How’s your prayer life?
Hardly any question can cause more chin-dropping, foot-shuffling embarrassment for Christians than asking about their prayer life. Why do so many followers of Jesus suffer with such unsatisfying prayer lives and consider themselves hopelessly second-rate Christians for it?
Why is that? Why do so many followers of Jesus suffer with such unsatisfying prayer lives and consider themselves hopelessly second-rate Christians because of it?
Method Is Our Madness
For almost all followers of Jesus, I believe the problem in prayer is not with the quality of the Christian, but with the method of their prayer.
Of course, no change in method will make prayer consistently meaningful to someone who is spiritually dead. But it’s different for those who are spiritually alive. They are born again through faith in Christ and indwelled by the Holy Spirit. The Spirit’s presence causes them as God’s children to cry, “Abba, Father!” (Romans 8:15; Galatians 4:6), giving them a Godward orientation they didn’t have before.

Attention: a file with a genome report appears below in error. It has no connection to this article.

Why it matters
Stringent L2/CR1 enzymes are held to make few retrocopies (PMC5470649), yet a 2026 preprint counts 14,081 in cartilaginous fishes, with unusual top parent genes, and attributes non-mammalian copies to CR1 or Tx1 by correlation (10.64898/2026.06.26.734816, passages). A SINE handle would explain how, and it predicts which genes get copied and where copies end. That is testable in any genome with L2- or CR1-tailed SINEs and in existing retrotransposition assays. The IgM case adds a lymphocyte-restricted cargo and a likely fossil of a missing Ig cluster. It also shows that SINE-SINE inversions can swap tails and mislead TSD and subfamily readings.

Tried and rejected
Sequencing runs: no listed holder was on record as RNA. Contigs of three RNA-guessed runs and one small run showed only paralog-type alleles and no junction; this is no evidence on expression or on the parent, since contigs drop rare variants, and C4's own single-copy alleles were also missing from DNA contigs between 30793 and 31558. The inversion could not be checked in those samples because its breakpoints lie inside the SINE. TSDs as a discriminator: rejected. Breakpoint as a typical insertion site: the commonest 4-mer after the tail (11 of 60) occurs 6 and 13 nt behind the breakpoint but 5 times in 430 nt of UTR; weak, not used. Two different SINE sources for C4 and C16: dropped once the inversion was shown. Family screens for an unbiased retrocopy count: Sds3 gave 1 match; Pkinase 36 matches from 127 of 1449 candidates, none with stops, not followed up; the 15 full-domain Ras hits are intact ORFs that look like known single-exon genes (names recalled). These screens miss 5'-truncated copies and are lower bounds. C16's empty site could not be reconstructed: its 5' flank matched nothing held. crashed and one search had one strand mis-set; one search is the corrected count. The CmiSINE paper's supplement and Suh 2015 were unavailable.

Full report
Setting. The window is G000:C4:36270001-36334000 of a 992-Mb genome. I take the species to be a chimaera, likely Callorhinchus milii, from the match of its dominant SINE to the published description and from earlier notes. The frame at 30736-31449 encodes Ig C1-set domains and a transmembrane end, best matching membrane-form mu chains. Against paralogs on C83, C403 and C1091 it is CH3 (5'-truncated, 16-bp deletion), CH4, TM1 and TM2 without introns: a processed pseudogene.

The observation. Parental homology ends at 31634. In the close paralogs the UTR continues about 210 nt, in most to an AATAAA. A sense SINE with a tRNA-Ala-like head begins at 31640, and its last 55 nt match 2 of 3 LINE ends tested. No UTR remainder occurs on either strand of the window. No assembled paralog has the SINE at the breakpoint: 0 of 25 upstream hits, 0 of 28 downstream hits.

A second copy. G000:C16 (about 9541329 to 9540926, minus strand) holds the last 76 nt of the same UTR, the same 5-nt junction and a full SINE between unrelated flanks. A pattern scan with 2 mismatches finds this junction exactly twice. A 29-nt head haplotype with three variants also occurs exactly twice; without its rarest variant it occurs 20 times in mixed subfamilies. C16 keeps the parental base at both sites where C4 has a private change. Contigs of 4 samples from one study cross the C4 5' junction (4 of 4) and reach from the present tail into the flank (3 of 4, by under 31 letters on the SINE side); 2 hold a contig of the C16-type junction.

In other words, all those indwelled by the Holy Spirit really do want to pray. And if an individual Christian sincerely seeks to live for Christ, and has no specific sin issue that he or she refuses to confess and fight against, then the basic problem in prayer is not with sin or failure, but with method.
And what is the method of prayer for most Christians? It’s this: When we pray, we tend to say the same old things about the same old things. Sooner or later, that kind of prayer is boring. When prayer is boring, you don’t feel like praying. And when you don’t feel like praying, you don’t pray — at least with any fervency or consistency. Prayer feels much more like duty than delight.
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